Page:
• BY Plinko says:

      I like where you are going with that. I always thought I couldn’t be a programmer because algebra made me angry. Invisible numbers, what sort of poppycock. I couldn’t get over the rules in math to like it and always questioned the connections. When I did things ways that made sense to me. Finally I stopped asking questions and settled for B grades and literally memorized the formulas with no clue how they worked. This means something because I always got straight A’s. A B grade was a personal let down.

      My mother was in medicine and told me that was where women were needed but let’s be blunt, I’m not a people person. It’s not that I lack empathy, it’s just that I am a realist and don’t entertain fanciful things like religion and small talk so I know my weakness is social interaction. Once I did general office work for years I just found a knack for computers and bought one for my home then dated computer guys and together we learned all we could alone getting our hands dirty and testing things without guides. Then I attended school later in life and said – what the heck – I know how to do this at home.

      There was no one in my formative years pushing me to do anything but learn English well. Every girl I knew in high school wanted to have babies and their ultimate goals were to breed, Mine was to learn as much as I could. That still goes on today, I was mocked recently for buying a hard bound dictionary but had I birthed a child I would have been right on female course.
      P.S. No children and still not interested. I’m just not the motherly type but I am the info seeking type.

  4. BY Erin says:

    Also, another point to make is that my brother encouraged me and would often show me how to do weird stuff from the early PCs — like get on bulletin boards before the wide use of the internet. I think dads and brothers play a very important role in all this, because if they take the time to teach their daughters or sisters how to use technology and manipulate it, the gals will assume this is normal and keep growing and learning. :)

    • BY Plinko says:

      Did you steal your brother’s Legos too and get offered dolls? lol Parents, buy your female children something other than dolls, please. We really can handle building tools for our minds. One of the coolest books I have is on ancient architecture (The Styles of Ornament), I can skim it and get lost for hours. Another one is Celtic Art (found it in a museum), they explain how all the knots can be drawn and I’m sure that’s mathematical.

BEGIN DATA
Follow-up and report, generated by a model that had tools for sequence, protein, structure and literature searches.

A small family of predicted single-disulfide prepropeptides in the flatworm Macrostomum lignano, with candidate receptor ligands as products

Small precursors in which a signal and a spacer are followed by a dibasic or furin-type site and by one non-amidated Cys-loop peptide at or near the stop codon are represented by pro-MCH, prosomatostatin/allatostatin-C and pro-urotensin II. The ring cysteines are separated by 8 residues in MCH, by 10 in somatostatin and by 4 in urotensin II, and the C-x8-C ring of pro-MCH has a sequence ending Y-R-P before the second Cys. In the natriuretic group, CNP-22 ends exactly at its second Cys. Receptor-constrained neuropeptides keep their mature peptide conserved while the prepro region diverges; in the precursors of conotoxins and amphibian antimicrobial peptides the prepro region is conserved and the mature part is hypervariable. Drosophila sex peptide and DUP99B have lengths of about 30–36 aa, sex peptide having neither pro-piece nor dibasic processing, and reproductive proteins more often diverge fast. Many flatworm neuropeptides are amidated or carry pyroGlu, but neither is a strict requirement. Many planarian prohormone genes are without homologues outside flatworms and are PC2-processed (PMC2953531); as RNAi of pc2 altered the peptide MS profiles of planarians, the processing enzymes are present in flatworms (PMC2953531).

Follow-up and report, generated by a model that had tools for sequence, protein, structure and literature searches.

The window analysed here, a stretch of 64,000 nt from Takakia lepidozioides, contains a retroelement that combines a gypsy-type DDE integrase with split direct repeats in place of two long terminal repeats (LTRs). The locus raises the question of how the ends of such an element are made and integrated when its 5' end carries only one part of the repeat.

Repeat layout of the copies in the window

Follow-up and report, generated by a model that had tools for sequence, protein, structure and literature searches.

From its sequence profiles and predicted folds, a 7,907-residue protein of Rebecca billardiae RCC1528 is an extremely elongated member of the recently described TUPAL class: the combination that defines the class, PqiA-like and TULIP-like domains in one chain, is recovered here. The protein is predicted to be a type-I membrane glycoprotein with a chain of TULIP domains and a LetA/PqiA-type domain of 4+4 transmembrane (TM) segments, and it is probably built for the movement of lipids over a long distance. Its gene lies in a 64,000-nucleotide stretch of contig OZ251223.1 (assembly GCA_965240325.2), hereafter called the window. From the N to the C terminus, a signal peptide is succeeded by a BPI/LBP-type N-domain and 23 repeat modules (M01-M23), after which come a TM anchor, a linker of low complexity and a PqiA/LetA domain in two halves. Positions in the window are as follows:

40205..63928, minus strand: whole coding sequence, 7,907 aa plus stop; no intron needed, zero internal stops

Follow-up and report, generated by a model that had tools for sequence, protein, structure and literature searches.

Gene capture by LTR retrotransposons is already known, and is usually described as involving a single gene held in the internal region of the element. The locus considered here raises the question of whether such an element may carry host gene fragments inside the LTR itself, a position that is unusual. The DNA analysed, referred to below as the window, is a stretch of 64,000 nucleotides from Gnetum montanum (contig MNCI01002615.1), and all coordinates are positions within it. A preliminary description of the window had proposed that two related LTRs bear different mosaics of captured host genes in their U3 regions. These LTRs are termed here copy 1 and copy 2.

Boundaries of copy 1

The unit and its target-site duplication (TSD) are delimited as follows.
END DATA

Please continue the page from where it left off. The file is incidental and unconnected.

5. BY TR says:

    I would have been happy to use my Math/CIS degree for its intended purpose if I’d simply been able to obtain an entry-level job. But no entry-level jobs exist. Even the unpaid “internships” I saw (which I couldn’t afford to work anyway) required 2-3 years of experience, a portfolio and complete fluency in at least a dozen different programming languages.

    Please note this has absolutely nothing to do with my gender. The entry-level jobs aren’t there, period, for anyone. It’s not like guys are seeing different ads than I am.

    I had only one experience while job-hunting that could have been attributed to “misogyny.” I applied for a temp job at an SEO firm, a marketing position, not a tech position. The interviewer (who was the owner of this hack company) crumpled up my resume right in front of me. My husband said he’d likely never have dared do that to a man, and I agree. But I don’t think he crumpled my resume because I was a woman. He crumpled it because he saw that I wasn’t 23 years old…like all of the staff I saw when I walked in.

    I work out a lot–I’ve run two half marathons and am training for my first full–and I don’t smoke, drink, eat bad food or fry myself in the sun. Because of all of these things, I can pass for 30, but I cannot pass for 23. I feel that if there’s any discrimination going on, it’s due to age, not gender…but once again, there simply are no entry-level positions in tech, regardless of the age of the applicant.

    • BY CD says:

      I was going to say this too.
      I don’t tell people my age, my gender, and sometimes even exclude my work experience time, but it doesn’t seem to matter. If I’m not the perfect candidate, I’m no candidate at all.

      Them: “Hi, we’d like someone with skills in x, y, and z, 2-5 years experience.”
      Me: “Really? I have all of those skills.”
      Them: “Are you an expert?”
      Me: “Well, not in ALL of those.”
      Them: “Sorry, we want an expert in ALL of those.”

      Maybe I should start reminding companies that they posted their job ads as “ENTRY level” positions.

      • BY TR says:

        Because I just received my bachelor’s in 2011, and I go back only 10 years on my work history, employers have no idea I’m a Gen X’er; on paper, I appear to be an older Millennial. Additionally, the unemployment rate for Millennials is much higher than for older workers; if employers preferred Millennials, it would be the other way around.

        I didn’t apply to very many tech jobs, perhaps half a dozen or less, because I couldn’t find jobs where I met all of the qualifications. Even so-called “entry-level” positions demand 2-3 years of experience and a portfolio. The overwhelming majority of the jobs I applied for were, sadly, the same bottom-level secretarial positions I pursued before getting this degree.

        I’m only four classes away from getting my MBA, but I don’t see it improving my job outlook. My resume has been destroyed by all of the low-level, dead-end gigs I’ve had to take since graduating. There is no way to make jobs like walking dogs and Fiverr gigs look “good.” This problem has nothing to do with my gender; a man in my situation wouldn’t have any better luck.

        • BY SC says:

          A man in your situation most likely would have applied for more jobs. Studies have shown that, on average, men will apply for jobs if they have about half of the qualifications. Women tend to apply only if they have almost all of the qualifications.